Abstract: The intrinsic luminosity of young Jupiters is of high interest for planet formation theory. It is an observable quantity that is determined by important physical mechanisms during formation, namely the accretion shock structure, and even more fundamentally, the basic formation mechanism (core accretion or gravitational instability). We study the impact of the core mass on the post-formation entropy and luminosity of young giant planets forming via core accretion with a supercritical shock (cold accretion). For this, we conduct self-consistently coupled formation and evolution calculations of giant planets with masses between 1 and 12 Jovian masses and core masses between 20 and 120 Earth masses. We find that the post-formation luminosity of massive giant planets is very sensitive to the core mass. An increase of the core mass by a factor 6 results in an increase of the post-formation luminosity of a 10 Jovian mass planet by a factor 120. Due to this dependency, there is no single well defined post-formation luminosity for core accretion, but a wide range. For massive cores (~100 Earth masses), the post-formation luminosities of core accretion planets become so high that they approach those in the hot start scenario that is often associated with gravitational instability. For the mechanism to work, it is necessary that the solids are accreted before or during gas runaway accretion, and that they sink deep into the planet. We make no claims whether or not such massive cores can actually form in giant planets. But if yes, it becomes difficult to rule out core accretion as formation mechanism based solely on luminosity for directly imaged planets that are more luminous than predicted for low core masses. Instead of invoking gravitational instability as the consequently necessary formation mode, the high luminosity could also be caused simply by a more massive core.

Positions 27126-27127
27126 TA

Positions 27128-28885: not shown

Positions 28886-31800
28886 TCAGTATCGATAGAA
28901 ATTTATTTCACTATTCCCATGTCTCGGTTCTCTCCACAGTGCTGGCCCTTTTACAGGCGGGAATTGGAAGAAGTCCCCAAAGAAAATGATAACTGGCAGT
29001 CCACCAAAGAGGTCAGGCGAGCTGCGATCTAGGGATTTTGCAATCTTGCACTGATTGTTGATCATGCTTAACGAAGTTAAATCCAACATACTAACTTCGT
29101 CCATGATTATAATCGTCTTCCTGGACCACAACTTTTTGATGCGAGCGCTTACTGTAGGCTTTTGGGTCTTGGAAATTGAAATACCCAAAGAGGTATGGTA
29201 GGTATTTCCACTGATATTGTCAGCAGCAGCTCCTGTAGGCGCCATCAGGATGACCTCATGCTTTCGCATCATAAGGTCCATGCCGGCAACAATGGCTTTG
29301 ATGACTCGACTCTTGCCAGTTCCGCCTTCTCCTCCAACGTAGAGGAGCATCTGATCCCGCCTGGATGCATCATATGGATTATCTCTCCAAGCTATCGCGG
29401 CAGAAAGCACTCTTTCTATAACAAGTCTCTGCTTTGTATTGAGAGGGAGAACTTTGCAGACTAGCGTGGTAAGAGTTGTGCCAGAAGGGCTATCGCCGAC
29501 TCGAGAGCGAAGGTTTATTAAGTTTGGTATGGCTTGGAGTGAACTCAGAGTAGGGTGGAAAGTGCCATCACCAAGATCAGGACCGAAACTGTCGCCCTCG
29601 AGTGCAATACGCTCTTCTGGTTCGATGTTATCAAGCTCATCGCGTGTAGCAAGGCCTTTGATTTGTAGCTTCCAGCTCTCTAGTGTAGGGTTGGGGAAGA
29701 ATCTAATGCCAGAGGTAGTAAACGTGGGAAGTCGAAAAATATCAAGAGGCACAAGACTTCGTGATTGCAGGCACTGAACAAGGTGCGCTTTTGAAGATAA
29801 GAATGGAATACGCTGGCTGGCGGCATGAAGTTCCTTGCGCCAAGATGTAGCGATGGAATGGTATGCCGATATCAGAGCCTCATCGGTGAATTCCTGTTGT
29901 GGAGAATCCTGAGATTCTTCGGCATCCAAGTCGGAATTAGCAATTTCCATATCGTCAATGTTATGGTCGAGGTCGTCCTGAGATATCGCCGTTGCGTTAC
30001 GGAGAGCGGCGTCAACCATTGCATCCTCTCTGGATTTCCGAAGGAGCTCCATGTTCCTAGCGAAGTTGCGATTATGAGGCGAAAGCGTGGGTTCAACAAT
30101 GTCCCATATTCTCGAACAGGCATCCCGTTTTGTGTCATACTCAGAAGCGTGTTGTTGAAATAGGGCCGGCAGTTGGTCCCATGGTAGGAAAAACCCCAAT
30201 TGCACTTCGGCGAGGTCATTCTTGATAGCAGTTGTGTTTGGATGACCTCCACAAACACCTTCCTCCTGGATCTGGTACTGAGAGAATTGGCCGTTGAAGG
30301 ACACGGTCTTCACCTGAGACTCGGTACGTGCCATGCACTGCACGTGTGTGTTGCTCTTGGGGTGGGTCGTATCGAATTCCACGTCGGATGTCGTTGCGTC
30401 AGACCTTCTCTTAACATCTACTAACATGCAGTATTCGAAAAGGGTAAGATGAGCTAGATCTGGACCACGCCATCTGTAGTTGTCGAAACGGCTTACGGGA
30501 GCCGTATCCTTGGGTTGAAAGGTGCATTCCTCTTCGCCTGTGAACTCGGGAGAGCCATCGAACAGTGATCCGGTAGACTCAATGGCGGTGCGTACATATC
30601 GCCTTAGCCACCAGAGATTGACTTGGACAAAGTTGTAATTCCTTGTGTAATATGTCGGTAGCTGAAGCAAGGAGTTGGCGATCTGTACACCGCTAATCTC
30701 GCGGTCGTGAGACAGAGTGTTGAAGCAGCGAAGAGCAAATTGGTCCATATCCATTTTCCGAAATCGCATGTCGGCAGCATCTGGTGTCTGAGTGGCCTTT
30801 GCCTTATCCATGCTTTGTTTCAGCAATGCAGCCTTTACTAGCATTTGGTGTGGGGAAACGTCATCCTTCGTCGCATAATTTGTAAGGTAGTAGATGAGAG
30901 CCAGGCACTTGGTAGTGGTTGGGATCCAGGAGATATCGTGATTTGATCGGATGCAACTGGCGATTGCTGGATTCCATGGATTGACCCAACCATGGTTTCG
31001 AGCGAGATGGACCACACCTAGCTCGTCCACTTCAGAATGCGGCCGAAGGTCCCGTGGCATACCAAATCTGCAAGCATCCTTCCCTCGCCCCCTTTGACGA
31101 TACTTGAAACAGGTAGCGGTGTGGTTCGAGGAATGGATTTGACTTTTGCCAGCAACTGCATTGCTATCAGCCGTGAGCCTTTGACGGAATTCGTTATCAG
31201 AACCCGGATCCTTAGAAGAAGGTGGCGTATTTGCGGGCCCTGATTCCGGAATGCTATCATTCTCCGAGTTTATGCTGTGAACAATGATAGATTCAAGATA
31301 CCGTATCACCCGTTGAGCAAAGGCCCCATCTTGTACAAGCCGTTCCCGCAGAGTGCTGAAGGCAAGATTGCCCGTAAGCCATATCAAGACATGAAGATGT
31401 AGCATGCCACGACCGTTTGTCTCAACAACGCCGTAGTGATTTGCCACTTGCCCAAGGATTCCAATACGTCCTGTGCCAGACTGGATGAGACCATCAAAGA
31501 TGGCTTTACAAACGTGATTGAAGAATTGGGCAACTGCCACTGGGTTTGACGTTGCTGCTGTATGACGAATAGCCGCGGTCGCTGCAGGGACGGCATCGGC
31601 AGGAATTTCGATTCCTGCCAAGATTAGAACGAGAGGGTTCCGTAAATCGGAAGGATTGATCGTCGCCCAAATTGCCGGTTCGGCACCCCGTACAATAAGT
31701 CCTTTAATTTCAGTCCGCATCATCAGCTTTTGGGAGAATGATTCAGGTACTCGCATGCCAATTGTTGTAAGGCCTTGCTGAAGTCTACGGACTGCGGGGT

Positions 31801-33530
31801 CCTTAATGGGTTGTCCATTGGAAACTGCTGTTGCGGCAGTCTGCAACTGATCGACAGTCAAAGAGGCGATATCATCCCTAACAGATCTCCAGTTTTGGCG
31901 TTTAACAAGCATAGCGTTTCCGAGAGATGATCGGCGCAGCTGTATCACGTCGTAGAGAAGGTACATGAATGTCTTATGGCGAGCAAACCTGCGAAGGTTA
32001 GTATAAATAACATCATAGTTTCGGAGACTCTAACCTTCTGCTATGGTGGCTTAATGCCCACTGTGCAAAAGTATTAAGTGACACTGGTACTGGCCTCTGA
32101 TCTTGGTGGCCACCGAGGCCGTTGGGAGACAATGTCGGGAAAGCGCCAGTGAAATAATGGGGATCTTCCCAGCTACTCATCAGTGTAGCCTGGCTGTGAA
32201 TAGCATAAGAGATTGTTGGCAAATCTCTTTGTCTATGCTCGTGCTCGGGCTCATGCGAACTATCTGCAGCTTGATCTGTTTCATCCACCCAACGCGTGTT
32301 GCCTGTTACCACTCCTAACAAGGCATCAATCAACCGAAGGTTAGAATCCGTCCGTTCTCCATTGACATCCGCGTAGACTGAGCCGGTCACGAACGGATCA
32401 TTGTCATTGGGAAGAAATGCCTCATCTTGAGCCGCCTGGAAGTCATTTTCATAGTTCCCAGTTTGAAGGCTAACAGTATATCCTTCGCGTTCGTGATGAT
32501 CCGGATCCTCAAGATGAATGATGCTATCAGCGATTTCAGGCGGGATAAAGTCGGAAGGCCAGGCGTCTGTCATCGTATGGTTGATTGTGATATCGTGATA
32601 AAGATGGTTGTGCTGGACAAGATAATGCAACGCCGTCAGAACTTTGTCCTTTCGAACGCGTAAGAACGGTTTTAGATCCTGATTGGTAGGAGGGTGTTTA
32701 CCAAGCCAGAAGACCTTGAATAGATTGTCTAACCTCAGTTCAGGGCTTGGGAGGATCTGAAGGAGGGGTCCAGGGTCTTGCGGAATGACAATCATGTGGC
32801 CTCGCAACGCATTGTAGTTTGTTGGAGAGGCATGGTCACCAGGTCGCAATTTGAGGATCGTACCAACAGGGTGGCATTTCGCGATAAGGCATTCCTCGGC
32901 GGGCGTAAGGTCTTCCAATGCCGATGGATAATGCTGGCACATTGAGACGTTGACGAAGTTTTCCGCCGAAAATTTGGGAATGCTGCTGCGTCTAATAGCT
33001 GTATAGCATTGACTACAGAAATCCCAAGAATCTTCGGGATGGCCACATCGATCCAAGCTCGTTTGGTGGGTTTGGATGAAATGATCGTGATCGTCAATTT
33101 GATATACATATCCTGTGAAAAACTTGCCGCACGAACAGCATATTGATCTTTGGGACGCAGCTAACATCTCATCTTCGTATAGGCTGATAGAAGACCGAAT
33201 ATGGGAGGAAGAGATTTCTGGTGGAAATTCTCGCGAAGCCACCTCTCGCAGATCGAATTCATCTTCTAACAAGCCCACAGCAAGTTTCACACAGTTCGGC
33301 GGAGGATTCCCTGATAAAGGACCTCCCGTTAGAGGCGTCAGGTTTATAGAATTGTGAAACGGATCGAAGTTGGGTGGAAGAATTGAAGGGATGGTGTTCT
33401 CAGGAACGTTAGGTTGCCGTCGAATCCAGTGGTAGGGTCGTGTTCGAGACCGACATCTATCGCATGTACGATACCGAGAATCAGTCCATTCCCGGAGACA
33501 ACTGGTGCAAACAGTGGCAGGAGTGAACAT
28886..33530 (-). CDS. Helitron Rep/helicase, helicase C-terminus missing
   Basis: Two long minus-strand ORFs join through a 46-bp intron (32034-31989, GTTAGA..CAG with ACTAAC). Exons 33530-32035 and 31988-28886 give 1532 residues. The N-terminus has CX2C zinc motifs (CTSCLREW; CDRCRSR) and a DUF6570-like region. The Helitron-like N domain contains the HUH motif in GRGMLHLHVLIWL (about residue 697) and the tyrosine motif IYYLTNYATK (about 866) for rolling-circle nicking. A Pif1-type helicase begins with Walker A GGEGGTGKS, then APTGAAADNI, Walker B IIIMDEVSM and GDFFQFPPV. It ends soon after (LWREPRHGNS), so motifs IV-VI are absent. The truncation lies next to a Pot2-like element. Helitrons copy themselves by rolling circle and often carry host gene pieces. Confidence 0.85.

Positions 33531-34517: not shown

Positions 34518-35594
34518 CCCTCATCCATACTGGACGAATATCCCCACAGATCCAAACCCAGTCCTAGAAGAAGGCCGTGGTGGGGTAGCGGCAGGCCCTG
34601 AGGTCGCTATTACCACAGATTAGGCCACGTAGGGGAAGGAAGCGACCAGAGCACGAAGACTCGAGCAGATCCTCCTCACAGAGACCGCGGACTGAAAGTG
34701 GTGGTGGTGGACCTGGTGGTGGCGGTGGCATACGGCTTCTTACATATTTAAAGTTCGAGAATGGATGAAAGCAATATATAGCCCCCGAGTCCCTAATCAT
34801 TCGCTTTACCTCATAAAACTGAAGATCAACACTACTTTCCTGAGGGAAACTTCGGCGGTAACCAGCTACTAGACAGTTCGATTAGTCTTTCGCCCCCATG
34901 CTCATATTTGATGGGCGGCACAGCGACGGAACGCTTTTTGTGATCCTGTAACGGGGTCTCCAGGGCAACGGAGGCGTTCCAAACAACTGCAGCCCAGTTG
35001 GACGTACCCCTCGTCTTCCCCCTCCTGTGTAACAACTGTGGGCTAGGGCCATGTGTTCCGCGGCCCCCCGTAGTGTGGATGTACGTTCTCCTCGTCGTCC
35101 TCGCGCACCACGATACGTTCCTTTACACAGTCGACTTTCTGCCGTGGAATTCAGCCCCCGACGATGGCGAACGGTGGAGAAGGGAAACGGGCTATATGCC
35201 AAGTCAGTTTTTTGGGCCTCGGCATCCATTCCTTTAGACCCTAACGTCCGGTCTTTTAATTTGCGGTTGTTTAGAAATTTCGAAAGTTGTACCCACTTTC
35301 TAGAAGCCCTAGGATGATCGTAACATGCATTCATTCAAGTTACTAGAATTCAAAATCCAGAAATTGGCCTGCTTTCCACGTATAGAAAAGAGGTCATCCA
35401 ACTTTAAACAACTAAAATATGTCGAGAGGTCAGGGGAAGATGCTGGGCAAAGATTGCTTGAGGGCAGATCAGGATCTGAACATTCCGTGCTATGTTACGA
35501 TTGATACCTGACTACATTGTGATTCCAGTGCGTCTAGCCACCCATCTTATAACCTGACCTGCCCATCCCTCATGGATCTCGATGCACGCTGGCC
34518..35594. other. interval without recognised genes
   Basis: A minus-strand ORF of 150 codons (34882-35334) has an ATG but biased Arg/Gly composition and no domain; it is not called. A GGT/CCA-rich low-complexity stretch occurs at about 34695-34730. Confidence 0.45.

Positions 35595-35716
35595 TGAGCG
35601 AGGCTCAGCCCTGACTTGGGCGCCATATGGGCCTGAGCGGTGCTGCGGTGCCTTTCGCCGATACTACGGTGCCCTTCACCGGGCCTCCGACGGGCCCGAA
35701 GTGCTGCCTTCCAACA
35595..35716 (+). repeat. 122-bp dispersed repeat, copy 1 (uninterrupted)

Grain opacity and the bulk composition of extrasolar planets. II. An analytical model for the grain opacity in protoplanetary atmospheres
C. Mordasini
Physics , 2014, DOI: 10.1051/0004-6361/201423702
Abstract: Context. We investigate the grain opacity k_gr in the atmosphere of protoplanets. This is important for the planetary mass-radius relation since k_gr affects the H/He envelope mass of low-mass planets and the critical core mass of giant planets. Aims. The goal of this study is to derive an analytical model for k_gr. Methods. Our model is based on the comparison of the timescales of microphysical processes like grain settling in the Stokes and Epstein regime, growth by Brownian motion coagulation and differential settling, grain evaporation, and grain advection due to envelope contraction. With these timescales we derive the grain size, abundance, and opacity. Results. We find that the main growth process is differential settling. In this regime, k_gr has a simple functional form and is given as 27 Q/8 H rho in the Epstein regime and as 2 Q/H rho for Stokes drag. Grain dynamics lead to a typical radial structure of k_gr with high ISM-like values in the top layers but a strong decrease in the deeper parts where the grain-free molecular opacities take over. Conclusions. In agreement with earlier results we find that k_gr is typically much lower than in the ISM. The equations also show that a higher dust input in the top layer does not strongly increase k_gr with two important implications. First, for a formation of giant planet cores via pebbles, there could be the issue that pebbles increase the grain input high in the atmosphere due to ablation. This could potentially increase k_gr hindering giant planet formation. Our study shows that this adverse effect should not occur. Second, it means that a higher stellar [Fe/H] which presumably leads to a higher surface density of planetesimals only favors giant planet formation without being detrimental to it due to an increased k_gr. This corroborates the result that core accretion explains the increase of the giant planet frequency with [Fe/H].